What is Ginger?

This is part of our ongoing series helping consumers better understand chemicals, chemistry, and product formulations. We translate the science, bust the myths, and give you an honest assessment, so you can make informed choices for your family!


Ginger (Rhizome)

What it is:

Ginger (Zingiber officinale Roscoe) is a 2-4 foot tall flowering plant with grass-like leaves that reach up to a foot in length. The underground root (aka rhizome) is what’s harvested for commercial use (1). Traditionally, the rhizome is gathered when the plant withers and the stalk tips over (2). Then it’s cleaned, cured, and shipped (2).   

What it does:

You’re probably familiar with ginger as it’s used in foods and beverages: gingerbread cookies, ginger ale, ginger chicken – there are tons of ways to enjoy its warm, spicy flavor. And people have been enjoying it for a long, long time. Ginger is native to Asia where it’s been used as a culinary spice for at least 4,400 years (3). But it’s not just a tasty spice. The Chinese have used ginger as an herbal remedy for at least 2,500 years (1). Today, ginger is used worldwide in foods, condiments, baked confections, candies, beverages, cosmetics, perfumes, supplements, and herbal remedies (4).

Why we use it:

Research is on-going in regards to the potential benefits of ginger, but one that’s been touted for millennia is it’s ability to calm upset stomachs, which is why you’ll find it in our prenatal multi-vitamins (1,3,5-8). With such a long history of safe (and tasty!) use, we’re looking forward to seeing what other beneficial uses the research may uncover.


  1. Kemper, K. J. (1999). Ginger (Zingiber officinale). Longwood Herbal Task Force, Available at: http://www. mcp. edu/herbal/default. htm, 1-18.
  2. Nishina, M. S., Sato, D. M., Nishijima, W. T., & Mau, R. F. L. (1992). Ginger root production in Hawaii. Retrieved January 12, 2016, from http://www.ctahr.hawaii.edu/oc/freepubs/pdf/CFS-GIN-3A.pdf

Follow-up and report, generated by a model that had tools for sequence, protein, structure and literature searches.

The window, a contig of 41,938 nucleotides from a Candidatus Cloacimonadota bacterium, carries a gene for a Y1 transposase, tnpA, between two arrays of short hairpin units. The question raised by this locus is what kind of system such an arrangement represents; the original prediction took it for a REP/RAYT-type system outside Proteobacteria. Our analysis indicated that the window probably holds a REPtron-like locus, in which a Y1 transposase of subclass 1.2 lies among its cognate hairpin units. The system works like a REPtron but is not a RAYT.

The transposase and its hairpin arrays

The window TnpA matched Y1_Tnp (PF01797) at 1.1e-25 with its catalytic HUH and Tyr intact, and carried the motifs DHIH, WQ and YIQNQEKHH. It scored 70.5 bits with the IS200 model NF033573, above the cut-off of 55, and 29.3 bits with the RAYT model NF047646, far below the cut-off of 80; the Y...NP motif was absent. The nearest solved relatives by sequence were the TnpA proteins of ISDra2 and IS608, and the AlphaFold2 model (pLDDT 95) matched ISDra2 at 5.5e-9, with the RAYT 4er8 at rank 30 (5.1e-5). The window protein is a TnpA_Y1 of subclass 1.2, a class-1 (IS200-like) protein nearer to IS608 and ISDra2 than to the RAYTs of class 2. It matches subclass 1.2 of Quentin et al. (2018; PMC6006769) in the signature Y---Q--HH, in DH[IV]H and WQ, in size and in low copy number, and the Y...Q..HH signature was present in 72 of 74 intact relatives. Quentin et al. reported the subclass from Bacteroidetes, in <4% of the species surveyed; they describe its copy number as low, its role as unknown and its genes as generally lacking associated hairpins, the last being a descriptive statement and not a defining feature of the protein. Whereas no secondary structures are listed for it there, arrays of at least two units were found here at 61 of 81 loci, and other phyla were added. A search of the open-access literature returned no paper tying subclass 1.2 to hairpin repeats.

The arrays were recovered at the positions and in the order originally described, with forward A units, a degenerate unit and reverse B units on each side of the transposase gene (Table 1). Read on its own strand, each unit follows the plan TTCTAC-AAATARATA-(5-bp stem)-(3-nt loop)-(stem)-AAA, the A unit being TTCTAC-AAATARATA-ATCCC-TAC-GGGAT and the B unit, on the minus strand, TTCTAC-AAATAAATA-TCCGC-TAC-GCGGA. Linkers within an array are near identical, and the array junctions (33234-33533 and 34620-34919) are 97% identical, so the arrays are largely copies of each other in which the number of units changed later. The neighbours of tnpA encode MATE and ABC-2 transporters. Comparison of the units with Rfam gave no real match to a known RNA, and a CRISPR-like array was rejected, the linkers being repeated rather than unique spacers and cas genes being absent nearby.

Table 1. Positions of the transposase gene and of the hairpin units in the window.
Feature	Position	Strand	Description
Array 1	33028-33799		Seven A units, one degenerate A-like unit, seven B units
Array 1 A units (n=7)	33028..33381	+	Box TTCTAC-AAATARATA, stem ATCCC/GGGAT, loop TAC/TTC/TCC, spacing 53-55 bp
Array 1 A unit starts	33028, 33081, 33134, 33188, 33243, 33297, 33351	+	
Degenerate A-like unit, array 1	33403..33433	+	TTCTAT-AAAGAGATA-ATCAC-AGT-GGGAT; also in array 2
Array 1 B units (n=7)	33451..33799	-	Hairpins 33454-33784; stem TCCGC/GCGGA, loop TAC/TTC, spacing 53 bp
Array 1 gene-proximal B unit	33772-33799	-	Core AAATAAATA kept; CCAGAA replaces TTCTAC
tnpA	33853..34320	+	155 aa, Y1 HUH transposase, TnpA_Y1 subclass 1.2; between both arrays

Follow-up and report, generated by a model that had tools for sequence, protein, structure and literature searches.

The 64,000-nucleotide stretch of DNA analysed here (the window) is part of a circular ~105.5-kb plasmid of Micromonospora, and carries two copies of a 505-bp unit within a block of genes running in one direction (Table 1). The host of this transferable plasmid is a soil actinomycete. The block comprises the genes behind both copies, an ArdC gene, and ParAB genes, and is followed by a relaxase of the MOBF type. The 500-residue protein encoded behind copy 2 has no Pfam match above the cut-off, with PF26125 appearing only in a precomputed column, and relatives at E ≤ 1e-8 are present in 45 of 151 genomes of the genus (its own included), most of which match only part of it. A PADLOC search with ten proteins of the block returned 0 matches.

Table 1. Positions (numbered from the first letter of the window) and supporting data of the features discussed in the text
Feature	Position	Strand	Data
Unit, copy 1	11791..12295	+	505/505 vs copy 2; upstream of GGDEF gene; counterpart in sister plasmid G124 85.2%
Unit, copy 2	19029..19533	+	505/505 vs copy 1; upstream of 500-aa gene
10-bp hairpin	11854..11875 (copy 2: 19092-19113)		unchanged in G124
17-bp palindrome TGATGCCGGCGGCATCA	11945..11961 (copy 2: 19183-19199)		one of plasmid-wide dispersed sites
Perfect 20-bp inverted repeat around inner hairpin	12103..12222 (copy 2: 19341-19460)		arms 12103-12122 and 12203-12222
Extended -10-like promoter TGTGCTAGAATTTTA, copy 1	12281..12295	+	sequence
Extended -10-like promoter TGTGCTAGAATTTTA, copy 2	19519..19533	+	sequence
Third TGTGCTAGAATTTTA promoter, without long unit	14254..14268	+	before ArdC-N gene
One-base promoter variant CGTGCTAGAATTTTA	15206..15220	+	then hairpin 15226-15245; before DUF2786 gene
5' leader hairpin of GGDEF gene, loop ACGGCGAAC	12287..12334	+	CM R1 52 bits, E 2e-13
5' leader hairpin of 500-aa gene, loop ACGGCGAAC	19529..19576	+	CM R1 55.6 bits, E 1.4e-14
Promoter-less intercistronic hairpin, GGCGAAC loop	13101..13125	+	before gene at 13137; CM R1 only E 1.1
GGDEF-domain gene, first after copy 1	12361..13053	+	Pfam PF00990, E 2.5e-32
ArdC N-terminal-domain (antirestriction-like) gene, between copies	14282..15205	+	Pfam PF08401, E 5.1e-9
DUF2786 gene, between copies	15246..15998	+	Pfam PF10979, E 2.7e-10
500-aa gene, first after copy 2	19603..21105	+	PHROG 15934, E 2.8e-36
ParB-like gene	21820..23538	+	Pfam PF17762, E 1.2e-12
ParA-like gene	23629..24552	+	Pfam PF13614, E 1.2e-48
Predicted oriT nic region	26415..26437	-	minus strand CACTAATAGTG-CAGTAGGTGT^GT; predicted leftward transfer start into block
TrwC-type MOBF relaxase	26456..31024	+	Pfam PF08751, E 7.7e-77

3. Ginger. (n.d.). Retrieved January 12, 2016, from https://umm.edu/health/medical/altmed/herb/ginger  
  4. Medicinal Spices Exhibit – UCLA Biomedical Library: History & Special Collections. (n.d.). Retrieved January 12, 2016, from https://unitproj.library.ucla.edu/biomed/spice/index.cfm?displayID=15
  5. Ali, B. H., Blunden, G., Tanira, M. O., & Nemmar, A. (2008). Some phytochemical, pharmacological and toxicological properties of ginger (Zingiber officinale Roscoe): a review of recent research. Food and chemical Toxicology, 46(2), 409-420.
  6. Smith, C., Crowther, C., Willson, K., Hotham, N., & McMillian, V. (2004). A randomized controlled trial of ginger to treat nausea and vomiting in pregnancy. Obstetrics & Gynecology, 103(4), 639-645.
  7. Borrelli, F., Capasso, R., Aviello, G., Pittler, M. H., & Izzo, A. A. (2005). Effectiveness and safety of ginger in the treatment of pregnancy-induced nausea and vomiting. Obstetrics & gynecology, 105(4), 849-856.
  8. Vutyavanich, T., Kraisarin, T., & Ruangsri, R. A. (2001). Ginger for nausea and vomiting in pregnancy: randomized, double‐masked, placebo‐controlled trial. Obstetrics & Gynecology, 97(4), 577-582.
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